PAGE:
Despite the positive news and insights there are still many Google searches among consumers related to electric vehicles (EVs), and the most prominent question is “Are they safe?”
Some of the most highly-searched terms on Google relate to the safety of EV batteries and whether they can withstand water. Perhaps this is due to some of the horror stories in the news of EVs catching fire and combusting by the roadside.
Ultimately, these questions must be answered as a means of encouraging consumers to switch their internal combustion engine (ICE) vehicles to EVs sooner, so we set out to find the answers to these questions.
What questions do consumers have about EVs?
Frankly, there were some astonishing searches, which show the lack of knowledge around EVs. While this could be a selling point to automotive manufacturers looking to increase their uptake in a time of energy crisis, we were still surprised by these questions related to water ingress, battery-water contact, and other concerns like electric shocks.
While these all seem like ludicrous questions due to the rigorous testing requirements imposed on cars today, manufacturers must acknowledge that there is still more work to be done to ensure that the public understands what they are signing up for.
Can you drive through standing water?
This is something that any driver would try to avoid, especially when the engine of a vehicle is at the front and water poses many issues like water ingress and corrosion that render the car useless. The same goes for an electric car. The Environment Agency suggests that 300mm of flowing water is enough to float your car, and the RAC would recommend you avoid ‘aquaplaning’ at all costs, no matter what vehicle you drive.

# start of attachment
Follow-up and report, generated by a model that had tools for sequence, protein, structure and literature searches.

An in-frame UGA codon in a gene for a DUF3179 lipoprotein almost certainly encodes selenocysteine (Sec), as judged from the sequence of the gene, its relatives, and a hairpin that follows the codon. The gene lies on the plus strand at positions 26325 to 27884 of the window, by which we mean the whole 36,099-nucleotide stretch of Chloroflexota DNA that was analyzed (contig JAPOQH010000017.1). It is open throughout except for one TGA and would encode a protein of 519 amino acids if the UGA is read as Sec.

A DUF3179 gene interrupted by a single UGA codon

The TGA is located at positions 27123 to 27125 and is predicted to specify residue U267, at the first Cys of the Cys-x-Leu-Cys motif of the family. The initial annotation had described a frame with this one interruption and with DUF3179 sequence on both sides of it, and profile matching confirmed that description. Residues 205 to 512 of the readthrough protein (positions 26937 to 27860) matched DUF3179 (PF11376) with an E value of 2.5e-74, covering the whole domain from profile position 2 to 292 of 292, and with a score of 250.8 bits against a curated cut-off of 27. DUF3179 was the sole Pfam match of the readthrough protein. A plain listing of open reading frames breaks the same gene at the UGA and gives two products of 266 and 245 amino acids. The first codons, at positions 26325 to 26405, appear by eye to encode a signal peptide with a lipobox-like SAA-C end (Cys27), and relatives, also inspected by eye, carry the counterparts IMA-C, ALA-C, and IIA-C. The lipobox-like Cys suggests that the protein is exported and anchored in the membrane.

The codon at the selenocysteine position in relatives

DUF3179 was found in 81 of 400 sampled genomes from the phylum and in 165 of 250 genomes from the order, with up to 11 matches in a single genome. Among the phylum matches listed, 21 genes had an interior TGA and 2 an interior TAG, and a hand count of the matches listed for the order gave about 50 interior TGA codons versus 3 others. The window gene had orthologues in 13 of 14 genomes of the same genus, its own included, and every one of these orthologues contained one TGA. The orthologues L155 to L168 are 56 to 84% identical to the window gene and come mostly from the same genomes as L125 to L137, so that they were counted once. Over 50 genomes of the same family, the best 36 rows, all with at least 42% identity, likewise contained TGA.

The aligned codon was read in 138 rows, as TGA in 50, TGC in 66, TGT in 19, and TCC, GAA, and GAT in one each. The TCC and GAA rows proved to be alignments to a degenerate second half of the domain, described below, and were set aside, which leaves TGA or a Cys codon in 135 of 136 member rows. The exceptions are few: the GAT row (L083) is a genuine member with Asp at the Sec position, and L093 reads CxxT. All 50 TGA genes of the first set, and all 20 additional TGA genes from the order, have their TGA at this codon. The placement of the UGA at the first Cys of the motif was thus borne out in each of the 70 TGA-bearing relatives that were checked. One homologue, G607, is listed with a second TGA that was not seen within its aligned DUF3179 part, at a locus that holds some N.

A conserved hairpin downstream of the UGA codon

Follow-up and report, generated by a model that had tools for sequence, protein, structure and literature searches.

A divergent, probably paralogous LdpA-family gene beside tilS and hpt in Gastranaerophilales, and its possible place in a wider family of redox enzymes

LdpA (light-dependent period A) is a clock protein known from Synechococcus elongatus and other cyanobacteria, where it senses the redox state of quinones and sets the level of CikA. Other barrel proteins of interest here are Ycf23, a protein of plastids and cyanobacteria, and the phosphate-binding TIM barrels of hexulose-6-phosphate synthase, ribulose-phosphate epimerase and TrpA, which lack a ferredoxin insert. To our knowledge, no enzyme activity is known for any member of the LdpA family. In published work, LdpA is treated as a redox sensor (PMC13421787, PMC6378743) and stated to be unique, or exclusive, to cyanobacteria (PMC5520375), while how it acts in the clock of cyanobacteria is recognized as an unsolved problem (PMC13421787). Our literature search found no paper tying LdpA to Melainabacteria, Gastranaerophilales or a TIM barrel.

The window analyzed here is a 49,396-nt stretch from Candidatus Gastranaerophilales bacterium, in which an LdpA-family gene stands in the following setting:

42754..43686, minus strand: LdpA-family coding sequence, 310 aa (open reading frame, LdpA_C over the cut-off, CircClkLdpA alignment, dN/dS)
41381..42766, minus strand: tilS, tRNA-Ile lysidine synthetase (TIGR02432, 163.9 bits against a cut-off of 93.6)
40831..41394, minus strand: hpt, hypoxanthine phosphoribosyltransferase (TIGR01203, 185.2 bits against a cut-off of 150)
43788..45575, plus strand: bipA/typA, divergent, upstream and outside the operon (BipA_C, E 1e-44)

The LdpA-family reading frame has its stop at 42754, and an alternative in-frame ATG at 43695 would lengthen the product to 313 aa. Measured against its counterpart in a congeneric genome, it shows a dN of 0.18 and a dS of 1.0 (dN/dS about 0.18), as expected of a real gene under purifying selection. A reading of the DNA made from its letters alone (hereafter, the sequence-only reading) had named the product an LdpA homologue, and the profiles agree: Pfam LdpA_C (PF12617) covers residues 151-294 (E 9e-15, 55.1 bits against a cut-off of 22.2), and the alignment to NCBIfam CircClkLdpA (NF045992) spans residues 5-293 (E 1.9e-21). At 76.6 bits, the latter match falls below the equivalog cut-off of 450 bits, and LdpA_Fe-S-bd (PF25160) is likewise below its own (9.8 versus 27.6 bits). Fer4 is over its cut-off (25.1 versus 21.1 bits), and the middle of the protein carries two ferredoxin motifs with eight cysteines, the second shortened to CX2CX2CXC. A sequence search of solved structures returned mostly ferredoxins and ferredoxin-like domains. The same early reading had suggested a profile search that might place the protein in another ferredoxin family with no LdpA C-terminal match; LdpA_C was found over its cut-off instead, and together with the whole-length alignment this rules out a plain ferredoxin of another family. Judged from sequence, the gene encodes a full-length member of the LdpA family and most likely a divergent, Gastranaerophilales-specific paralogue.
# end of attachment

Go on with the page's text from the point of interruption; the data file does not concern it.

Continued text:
But, there should not be any concern or ‘water anxiety’ when driving an EV. Yes you can drive in the rain and no, small puddles shouldn’t kill your car. If you drive an electric car to the point of submersion, the water will trip the circuit breaker of the car if it reaches the electric system.
Is EV charging safe, especially in the rain?
Also, when it comes to testing, you’ll see that one of the highest traffic vehicle testing organisations, DEKRA undergoes testing on more than just the vehicles, but a major component of this is charger testing. Not only does the organisation look to empower automotive manufacturers through strenuous testing of certain vehicle functionalities.
One of these is electrical safety testing, which is no surprise as organisations would not be able to facilitate such a shift without certification in compliance with the highest of standards. DEKRA offers services for vehicle testing, including:
- functional safety (ISO 26262)
- Electrical safety (EN 50604, ISO 18243, , IEC 62660)
- Performance testing (ISO 12405, ISO 18243, ISO 15118, IEC 62660)
- Environmental testing
- Development testing
- Validation testing
- Homologation testing (R100, UN 38.3, R10)
Certification (CB, KEMA-KEUR, DEKRA Seal, NRTL etc.)
What can firms do to address EV battery questions?
Educate. With consumers concerned for the safety of EVs, now is the time for brands to boast the safety and longevity of their cars and display testing standards at the front and centre of their campaigns.
In a time where energy prices are rising to meet that of fuel costs, consumers are learning of this, which is likely to mean they keep ahold of their beloved ICE cars. Facilitating the switch to EVs in 2023 is going to be a difficult task and organisations must be ready for all the questions thrown their way.